This post makes some important assumptions. First, you’re pointing a gun at another human being to stop them from killing you or your loved ones, causing you or your loved ones grievous bodily harm, or kidnapping you or your loved ones. Second, the person on the business end of your firearm has the means and opportunity to kill, wound or kidnap you or your loved ones. Third, the person is in the process of doing so. And fourth, that you have the time to say anything. Yes, there is that . . .
In violent or potentially violent encounters, pacing is the most important variable. Time creates options. Negotiate? Run? Seek cover? Call for help? Defend with hand skills? Warn verbally? Brandish your weapon? Shoot? If you have time to think and act—as opposed to simply reacting—you have a reasonable chance of surviving.
Most violent people have never heard the terms “first mover advantage” or “get inside their OODA loop.” But experience has taught them that the less time their victim has to think, the greater the likelihood they’ll “win.” From your perspective, if you are overwhelmed by the pace of events, your survival will depend almost entirely on luck. Good luck with that.
By shouting at your would-be murderer with your gun drawn, you may interrupt their attack long enough to more thoroughly assess your environment for cover, concealment, additional threats, potential help, etc. To think of a plan and execute it. To save your life.
But you can’t scream just anything. If, for example, you yell FUCK OFF, you’ll increase your attacker’s level of aggression. The epithet could also be used against you in a court of law. If you yell DON’T DO IT! your assailant may not know what “it” is.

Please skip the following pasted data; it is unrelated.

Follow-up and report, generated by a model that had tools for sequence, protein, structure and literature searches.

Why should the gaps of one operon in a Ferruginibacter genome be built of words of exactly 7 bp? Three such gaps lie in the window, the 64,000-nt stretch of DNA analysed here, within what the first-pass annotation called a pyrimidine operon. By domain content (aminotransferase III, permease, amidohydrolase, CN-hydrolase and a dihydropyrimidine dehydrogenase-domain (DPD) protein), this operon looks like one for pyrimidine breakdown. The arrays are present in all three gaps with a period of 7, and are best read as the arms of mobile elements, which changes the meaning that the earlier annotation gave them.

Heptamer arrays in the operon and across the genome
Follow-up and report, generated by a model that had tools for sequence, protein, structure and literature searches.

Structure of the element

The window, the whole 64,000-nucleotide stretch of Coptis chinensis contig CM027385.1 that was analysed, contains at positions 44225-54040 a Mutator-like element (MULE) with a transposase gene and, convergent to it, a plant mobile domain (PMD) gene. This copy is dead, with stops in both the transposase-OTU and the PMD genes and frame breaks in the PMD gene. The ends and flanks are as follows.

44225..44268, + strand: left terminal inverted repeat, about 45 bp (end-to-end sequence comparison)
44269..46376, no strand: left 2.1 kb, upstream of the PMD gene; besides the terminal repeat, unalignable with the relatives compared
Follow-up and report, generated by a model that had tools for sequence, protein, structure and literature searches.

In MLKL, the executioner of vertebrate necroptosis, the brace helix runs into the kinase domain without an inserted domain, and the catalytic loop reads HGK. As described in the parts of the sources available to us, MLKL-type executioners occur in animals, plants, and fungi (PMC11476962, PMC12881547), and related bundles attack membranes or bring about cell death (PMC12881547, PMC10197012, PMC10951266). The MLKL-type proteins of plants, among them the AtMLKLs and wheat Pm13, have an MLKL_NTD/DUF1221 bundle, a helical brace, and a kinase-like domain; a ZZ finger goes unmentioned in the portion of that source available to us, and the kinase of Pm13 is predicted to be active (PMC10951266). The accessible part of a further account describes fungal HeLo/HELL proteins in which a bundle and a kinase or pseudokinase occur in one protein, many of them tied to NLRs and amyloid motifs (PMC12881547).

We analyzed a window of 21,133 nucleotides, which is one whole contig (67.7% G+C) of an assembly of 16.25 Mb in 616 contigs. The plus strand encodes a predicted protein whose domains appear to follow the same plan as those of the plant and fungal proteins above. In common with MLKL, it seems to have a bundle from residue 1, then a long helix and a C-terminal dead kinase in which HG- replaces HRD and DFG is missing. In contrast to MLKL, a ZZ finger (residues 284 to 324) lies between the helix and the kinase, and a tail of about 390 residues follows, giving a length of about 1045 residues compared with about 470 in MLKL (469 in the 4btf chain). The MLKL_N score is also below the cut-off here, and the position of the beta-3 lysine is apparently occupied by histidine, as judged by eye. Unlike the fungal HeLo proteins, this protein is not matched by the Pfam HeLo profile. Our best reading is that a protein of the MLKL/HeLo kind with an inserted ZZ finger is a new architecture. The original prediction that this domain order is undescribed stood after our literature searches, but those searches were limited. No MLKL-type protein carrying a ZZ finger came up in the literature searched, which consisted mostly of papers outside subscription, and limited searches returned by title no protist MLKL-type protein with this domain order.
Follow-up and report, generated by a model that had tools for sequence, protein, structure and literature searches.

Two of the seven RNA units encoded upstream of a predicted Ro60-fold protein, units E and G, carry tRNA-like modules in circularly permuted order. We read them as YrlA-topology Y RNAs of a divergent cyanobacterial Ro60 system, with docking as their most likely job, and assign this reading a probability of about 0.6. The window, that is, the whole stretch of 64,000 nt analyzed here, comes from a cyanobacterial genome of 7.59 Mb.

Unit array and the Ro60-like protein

You need to say the right thing in the right way at the right time—which still may not work. But hey, it’s worth a shot (so to speak). All of which brings us to our first self-defense interjection.
In a life-threatening situation, your body releases adrenalin. Your heart-rate accelerates, your blood flow changes (sending blood away from your extremities to protect them in battle), your breathing becomes more rapid, your major muscle groups get super-oxygenated and your eyes open wider.
These physiological responses are quantifiable, scientific fact. What happens mentally is nowhere near as certain.
A large adrenalin dump triggers a trance state. Like all trance states, it’s characterized by time distortion, altered sensory perception and changed cognition. But HOW these psychological effects manifest themselves is unpredictable.
For some people, time seems to move more quickly than normal. (“I don’t know what happened. It was over in a second.”) For others, time seems to slow down. (“I could see his knife hand moving like it was in slow motion.”) Some people experience increased mental abilities. Some people stop thinking.
Here’s the tricky bit: your mental abilities aren’t the most important consideration in this adrenalin-triggered trance state. After all, you can’t do anything about your crisis cognition. (The time to train for grace under pressure has passed.) Instead, you need to focus on your assailant’s mental state.
[Don’t get caught up in the differences between drugged and trance states. They’re not mutually exclusive. And the effects are roughly similar; as the Brits would say, it’s six of one, half a dozen of the other.]
One of the most interesting aspects of the trance state: subservience to authority. If you’ve ever seen a hypnosis show, you’ve seen people in trance obey an authority figure without “thinking.” So . . .